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Open Access Highly Accessed Research article

Obesity and prostate cancer: gene expression signature of human periprostatic adipose tissue

Ricardo Ribeiro1234*, Cátia Monteiro14, Victoria Catalán35, Pingzhao Hu6, Virgínia Cunha14, Amaia Rodríguez35, Javier Gómez-Ambrosi35, Avelino Fraga127, Paulo Príncipe7, Carlos Lobato8, Francisco Lobo9, António Morais9, Vitor Silva9, José Sanches-Magalhães9, Jorge Oliveira9, Francisco Pina10, Carlos Lopes2, Rui Medeiros11124 and Gema Frühbeck1235*

Author Affiliations

1 Molecular Oncology Group, Portuguese Institute of Oncology, Ed. Laboratórios-Piso 4, Rua Dr. António Bernardino de Almeida 4200-072, Porto, Portugal

2 ICBAS, Abel Salazar Biomedical Sciences Institute, University of Porto, Rua de Jorge Viterbo Ferreira nº 228, 4050-313, Porto, Portugal

3 Metabolic Research Laboratory, Clínica Universidad de Navarra, Pío XII 36, 31008, Pamplona, Spain

4 LPCC - Portuguese League Against Cancer (NRNorte), Est. Interior da Circunvalação 6657, 4200-177, Porto, Portugal

5 CIBER Fisiopatología de la Obesidad y Nutrición, Instituto de Salud Carlos III, Pamplona, Spain

6 The Center for Applied Genomics, Hospital for Sick Children, MaRS Centre - East Tower 101 College Street, Room 15-705, Toronto, Ontario, M5G 1L7, Canada

7 Urology Department, Porto Hospital Centre, Largo Prof. Abel Salazar 4099-001, Porto, Portugal

8 Urology Department, D. Pedro V Military Hospital, Av. da Boavista 4150-113, Porto, Portugal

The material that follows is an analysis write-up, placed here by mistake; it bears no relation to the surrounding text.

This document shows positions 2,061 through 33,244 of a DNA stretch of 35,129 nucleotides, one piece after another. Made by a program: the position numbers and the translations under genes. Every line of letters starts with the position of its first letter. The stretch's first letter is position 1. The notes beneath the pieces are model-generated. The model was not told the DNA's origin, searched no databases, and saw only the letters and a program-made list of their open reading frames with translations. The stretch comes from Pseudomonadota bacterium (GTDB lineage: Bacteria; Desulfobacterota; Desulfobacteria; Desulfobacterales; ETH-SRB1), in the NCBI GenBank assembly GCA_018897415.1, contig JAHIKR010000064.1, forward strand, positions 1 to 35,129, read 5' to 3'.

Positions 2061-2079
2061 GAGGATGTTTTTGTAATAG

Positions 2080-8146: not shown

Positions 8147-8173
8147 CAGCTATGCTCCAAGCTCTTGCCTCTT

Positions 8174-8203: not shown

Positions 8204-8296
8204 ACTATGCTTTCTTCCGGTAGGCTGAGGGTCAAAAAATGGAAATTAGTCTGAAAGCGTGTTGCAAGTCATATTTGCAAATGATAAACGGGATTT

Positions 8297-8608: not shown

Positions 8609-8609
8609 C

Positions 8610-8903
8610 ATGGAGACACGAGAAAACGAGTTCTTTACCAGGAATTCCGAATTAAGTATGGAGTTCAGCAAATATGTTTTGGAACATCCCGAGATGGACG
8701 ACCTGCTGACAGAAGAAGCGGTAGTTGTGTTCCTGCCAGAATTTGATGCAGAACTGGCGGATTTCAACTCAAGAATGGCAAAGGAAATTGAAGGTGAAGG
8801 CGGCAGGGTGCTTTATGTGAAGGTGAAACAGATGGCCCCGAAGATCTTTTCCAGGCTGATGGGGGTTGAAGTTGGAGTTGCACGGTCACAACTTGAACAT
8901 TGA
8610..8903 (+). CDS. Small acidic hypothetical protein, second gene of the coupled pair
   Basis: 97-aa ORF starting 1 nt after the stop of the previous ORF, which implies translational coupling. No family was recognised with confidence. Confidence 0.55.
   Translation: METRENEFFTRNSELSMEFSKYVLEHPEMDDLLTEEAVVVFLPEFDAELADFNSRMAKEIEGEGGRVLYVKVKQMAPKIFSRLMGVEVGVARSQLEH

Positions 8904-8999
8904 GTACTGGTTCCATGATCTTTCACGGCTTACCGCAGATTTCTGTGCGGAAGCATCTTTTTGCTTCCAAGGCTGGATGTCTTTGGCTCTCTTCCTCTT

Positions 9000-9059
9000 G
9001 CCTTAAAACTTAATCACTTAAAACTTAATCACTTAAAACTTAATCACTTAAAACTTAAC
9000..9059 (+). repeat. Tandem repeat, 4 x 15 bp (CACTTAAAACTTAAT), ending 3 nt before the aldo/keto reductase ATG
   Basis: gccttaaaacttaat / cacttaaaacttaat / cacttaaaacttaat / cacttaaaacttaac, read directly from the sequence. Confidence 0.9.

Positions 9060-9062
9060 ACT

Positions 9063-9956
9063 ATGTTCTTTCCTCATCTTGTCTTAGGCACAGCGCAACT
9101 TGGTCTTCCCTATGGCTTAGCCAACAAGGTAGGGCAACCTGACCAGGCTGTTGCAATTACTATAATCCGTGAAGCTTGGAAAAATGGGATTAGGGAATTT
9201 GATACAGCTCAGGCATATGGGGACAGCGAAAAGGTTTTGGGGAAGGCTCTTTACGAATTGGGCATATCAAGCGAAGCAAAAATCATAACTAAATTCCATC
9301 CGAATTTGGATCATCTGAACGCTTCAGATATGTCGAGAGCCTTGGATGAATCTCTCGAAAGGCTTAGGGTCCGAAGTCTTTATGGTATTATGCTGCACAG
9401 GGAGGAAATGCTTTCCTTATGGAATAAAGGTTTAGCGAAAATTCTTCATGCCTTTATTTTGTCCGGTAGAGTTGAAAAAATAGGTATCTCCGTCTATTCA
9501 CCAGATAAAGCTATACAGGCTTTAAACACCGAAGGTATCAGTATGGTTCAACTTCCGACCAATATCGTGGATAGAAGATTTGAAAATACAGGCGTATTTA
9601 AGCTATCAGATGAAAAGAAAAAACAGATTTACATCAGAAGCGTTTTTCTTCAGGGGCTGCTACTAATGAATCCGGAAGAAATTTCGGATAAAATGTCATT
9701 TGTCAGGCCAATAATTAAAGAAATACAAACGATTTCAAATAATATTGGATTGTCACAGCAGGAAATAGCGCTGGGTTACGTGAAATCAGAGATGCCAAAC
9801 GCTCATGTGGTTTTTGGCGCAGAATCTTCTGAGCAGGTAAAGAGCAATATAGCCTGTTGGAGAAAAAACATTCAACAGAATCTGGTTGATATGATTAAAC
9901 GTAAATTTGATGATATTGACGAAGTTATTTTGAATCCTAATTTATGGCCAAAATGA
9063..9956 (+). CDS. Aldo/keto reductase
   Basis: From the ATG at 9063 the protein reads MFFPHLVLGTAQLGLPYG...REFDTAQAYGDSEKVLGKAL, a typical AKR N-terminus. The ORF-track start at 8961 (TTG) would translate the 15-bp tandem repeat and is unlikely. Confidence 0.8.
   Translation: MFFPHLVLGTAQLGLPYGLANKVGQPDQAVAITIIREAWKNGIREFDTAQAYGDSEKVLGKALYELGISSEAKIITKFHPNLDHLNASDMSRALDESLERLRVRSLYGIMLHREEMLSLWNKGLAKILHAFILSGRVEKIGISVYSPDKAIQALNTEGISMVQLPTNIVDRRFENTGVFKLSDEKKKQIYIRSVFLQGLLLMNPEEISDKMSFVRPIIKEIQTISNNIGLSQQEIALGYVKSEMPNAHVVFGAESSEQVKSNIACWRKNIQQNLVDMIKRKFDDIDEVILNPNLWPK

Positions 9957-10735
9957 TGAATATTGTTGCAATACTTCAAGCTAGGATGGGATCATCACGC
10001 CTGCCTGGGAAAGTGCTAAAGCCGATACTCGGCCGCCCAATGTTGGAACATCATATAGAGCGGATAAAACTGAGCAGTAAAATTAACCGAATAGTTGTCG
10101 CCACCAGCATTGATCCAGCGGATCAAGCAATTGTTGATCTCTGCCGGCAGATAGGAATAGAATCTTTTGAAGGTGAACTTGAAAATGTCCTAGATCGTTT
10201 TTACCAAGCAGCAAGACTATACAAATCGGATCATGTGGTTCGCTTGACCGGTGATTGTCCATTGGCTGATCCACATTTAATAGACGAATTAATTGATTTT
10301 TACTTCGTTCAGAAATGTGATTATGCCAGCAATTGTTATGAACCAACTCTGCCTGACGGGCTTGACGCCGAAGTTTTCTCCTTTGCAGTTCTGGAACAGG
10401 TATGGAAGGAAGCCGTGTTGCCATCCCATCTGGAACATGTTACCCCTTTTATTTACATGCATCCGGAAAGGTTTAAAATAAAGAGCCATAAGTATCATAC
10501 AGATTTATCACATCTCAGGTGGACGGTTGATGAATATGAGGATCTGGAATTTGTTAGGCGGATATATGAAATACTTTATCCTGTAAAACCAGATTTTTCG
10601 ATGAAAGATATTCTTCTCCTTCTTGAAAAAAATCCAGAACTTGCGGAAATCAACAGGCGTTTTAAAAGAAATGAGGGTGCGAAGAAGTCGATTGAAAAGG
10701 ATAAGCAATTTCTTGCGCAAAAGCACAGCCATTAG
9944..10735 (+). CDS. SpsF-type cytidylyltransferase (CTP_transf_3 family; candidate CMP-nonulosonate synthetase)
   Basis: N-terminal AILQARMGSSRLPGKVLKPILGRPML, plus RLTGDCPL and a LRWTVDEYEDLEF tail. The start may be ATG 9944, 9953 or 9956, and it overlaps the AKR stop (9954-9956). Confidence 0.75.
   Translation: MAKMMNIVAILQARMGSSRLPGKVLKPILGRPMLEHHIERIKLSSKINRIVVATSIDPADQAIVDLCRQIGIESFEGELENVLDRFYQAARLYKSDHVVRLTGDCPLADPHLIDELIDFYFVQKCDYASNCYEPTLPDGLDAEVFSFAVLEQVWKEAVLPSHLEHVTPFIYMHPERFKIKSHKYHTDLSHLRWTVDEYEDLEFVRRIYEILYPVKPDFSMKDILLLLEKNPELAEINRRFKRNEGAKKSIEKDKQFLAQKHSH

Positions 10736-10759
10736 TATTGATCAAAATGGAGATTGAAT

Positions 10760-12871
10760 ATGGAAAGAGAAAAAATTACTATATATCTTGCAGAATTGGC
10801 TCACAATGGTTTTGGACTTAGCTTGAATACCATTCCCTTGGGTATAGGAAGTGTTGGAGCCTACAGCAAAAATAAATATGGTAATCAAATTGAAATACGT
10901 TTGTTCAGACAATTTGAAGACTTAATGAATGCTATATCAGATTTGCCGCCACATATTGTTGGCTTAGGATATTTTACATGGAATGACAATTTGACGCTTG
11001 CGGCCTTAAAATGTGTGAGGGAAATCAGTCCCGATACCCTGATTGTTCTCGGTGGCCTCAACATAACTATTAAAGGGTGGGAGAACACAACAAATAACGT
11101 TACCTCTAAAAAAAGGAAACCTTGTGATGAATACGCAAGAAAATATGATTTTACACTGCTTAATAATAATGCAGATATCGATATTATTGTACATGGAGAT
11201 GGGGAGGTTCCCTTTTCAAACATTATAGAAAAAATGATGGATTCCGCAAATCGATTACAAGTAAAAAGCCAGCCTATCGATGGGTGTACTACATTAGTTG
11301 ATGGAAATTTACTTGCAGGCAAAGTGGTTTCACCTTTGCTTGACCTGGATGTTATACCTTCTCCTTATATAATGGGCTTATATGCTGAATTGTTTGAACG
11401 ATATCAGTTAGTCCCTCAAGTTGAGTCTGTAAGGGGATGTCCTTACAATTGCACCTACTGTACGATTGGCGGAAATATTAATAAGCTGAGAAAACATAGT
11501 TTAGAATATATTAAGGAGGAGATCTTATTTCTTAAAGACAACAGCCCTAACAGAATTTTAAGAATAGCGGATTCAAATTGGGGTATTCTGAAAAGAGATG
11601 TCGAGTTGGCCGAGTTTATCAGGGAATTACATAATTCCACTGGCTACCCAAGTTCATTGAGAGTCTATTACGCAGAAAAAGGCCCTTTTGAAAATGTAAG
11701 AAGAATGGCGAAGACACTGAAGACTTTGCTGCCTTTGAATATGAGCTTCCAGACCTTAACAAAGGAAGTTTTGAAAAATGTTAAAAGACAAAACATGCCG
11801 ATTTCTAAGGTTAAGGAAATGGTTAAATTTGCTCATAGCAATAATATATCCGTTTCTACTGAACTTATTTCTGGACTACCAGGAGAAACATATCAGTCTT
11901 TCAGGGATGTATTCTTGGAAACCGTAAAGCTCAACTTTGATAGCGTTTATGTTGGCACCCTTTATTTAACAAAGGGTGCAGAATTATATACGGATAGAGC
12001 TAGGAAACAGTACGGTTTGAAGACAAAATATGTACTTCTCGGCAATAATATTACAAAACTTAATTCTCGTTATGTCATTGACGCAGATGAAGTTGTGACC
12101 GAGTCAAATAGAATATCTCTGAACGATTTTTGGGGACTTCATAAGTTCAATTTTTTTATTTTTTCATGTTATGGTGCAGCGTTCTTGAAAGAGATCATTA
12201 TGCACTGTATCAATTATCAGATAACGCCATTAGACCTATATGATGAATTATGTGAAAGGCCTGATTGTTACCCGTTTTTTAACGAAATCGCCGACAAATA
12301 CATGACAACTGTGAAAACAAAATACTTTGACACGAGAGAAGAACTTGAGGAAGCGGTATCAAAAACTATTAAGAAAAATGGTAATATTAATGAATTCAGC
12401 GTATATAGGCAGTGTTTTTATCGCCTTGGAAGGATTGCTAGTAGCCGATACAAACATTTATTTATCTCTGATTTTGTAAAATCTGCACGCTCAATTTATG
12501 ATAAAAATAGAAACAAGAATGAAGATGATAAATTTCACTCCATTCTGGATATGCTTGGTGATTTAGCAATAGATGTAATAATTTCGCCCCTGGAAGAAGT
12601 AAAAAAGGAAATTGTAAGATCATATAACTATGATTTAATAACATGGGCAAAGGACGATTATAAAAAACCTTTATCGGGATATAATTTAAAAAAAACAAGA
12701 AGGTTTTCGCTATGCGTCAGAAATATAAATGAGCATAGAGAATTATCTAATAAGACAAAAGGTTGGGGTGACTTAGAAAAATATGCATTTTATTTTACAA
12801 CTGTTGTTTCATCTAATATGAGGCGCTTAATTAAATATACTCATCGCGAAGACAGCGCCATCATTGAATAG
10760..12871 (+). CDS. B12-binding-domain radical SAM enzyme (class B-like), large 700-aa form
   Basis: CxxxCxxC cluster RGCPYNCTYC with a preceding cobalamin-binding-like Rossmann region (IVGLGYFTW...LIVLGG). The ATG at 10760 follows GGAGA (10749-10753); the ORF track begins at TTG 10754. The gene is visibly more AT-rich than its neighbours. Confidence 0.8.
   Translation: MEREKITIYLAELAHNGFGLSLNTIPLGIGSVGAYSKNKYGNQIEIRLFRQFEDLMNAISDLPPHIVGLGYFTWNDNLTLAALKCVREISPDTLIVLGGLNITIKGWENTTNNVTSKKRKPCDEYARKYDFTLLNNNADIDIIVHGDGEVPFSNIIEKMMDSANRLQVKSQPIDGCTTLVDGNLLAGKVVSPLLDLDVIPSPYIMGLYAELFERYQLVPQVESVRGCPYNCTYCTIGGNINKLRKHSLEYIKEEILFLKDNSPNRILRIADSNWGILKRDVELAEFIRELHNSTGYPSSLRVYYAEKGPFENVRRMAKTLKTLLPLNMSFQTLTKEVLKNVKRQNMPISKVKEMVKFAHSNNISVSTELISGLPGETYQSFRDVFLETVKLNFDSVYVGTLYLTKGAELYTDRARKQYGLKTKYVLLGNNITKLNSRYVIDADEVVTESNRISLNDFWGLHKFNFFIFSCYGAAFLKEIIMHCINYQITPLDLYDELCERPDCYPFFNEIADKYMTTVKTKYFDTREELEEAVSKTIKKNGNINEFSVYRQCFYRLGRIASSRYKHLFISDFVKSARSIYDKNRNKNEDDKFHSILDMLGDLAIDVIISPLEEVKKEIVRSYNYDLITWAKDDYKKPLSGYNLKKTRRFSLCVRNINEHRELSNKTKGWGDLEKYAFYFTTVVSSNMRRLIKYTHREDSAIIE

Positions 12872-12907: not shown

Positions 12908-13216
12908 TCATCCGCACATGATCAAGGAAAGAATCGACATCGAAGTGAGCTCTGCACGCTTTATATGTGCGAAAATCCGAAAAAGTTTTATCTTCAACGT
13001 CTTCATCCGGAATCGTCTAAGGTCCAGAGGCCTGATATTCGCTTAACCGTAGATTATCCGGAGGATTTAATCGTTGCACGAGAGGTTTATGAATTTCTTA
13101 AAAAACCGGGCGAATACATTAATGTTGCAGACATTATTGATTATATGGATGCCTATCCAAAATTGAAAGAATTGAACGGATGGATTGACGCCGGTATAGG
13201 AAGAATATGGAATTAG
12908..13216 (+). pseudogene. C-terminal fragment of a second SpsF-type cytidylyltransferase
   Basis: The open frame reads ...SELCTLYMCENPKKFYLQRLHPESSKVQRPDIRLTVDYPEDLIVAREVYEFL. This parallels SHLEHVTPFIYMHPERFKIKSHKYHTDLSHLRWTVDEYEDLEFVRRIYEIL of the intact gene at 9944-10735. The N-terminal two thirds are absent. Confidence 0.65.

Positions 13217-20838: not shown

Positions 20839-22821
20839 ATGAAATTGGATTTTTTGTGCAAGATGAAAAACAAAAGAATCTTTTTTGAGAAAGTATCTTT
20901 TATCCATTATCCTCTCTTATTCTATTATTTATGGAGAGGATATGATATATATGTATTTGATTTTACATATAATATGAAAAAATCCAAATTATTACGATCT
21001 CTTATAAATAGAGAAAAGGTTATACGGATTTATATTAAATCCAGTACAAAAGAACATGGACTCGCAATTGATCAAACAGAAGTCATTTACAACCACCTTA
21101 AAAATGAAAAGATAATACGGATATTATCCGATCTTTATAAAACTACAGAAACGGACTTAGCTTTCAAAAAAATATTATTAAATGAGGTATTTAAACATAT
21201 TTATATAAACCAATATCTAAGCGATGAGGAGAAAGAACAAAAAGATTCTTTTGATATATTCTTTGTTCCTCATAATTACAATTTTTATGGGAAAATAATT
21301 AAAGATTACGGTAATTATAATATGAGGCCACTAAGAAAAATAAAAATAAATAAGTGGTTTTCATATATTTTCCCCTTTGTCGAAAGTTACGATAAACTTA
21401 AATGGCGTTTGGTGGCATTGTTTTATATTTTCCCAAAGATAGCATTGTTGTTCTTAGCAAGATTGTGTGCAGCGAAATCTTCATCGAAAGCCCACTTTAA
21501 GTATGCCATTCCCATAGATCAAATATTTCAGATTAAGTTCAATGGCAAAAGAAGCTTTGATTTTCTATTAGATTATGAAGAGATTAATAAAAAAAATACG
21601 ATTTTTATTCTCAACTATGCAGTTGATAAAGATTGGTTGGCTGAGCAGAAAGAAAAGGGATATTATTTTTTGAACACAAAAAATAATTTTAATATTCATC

9 Urology Department, Portuguese Institute of Oncology, Rua Dr. António Bernardino de Almeida 4200-072, Porto, Portugal

10 Urology Department, S. João Hospital, Al. Prof. Hernâni Monteiro 4200 - 319, Porto, Portugal

11 CEBIMED, Faculty of Health Sciences of Fernando Pessoa University, 4200-150, Porto, Portugal

12 Department of Endocrinology & Nutrition, Clínica Universidad de Navarra, Pío XII 36, 31008, Pamplona, Spain

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BMC Medicine 2012, 10:108  doi:10.1186/1741-7015-10-108

Published: 25 September 2012

Abstract

Background

Periprostatic (PP) adipose tissue surrounds the prostate, an organ with a high predisposition to become malignant. Frequently, growing prostatic tumor cells extend beyond the prostatic organ towards this fat depot. This study aimed to determine the genome-wide expression of genes in PP adipose tissue in obesity/overweight (OB/OW) and prostate cancer patients.

Methods

Differentially expressed genes in human PP adipose tissue were identified using microarrays. Analyses were conducted according to the donors' body mass index characteristics (OB/OW versus lean) and prostate disease (extra prostatic cancer versus organ confined prostate cancer versus benign prostatic hyperplasia). Selected genes with altered expression were validated by real-time PCR. Ingenuity Pathway Analysis (IPA) was used to investigate gene ontology, canonical pathways and functional networks.

Results

In the PP adipose tissue of OB/OW subjects, we found altered expression of genes encoding molecules involved in adipogenic/anti-lipolytic, proliferative/anti-apoptotic, and mild immunoinflammatory processes (for example, FADS1, down-regulated, and LEP and ANGPT1, both up-regulated). Conversely, in the PP adipose tissue of subjects with prostate cancer, altered genes were related to adipose tissue cellular activity (increased cell proliferation/differentiation, cell cycle activation and anti-apoptosis), whereas a downward impact on immunity and inflammation was also observed, mostly related to the complement (down-regulation of CFH). Interestingly, we found that the microRNA MIRLET7A2 was overexpressed in the PP adipose tissue of prostate cancer patients.

Conclusions

Obesity and excess adiposity modified the expression of PP adipose tissue genes to ultimately foster fat mass growth. In patients with prostate cancer the expression profile of PP adipose tissue accounted for hypercellularity and reduced immunosurveillance. Both findings may be liable to promote a favorable environment for prostate cancer progression.

Keywords:
adipose tissue; gene expression; microarray, obesity; periprostatic; prostate cancer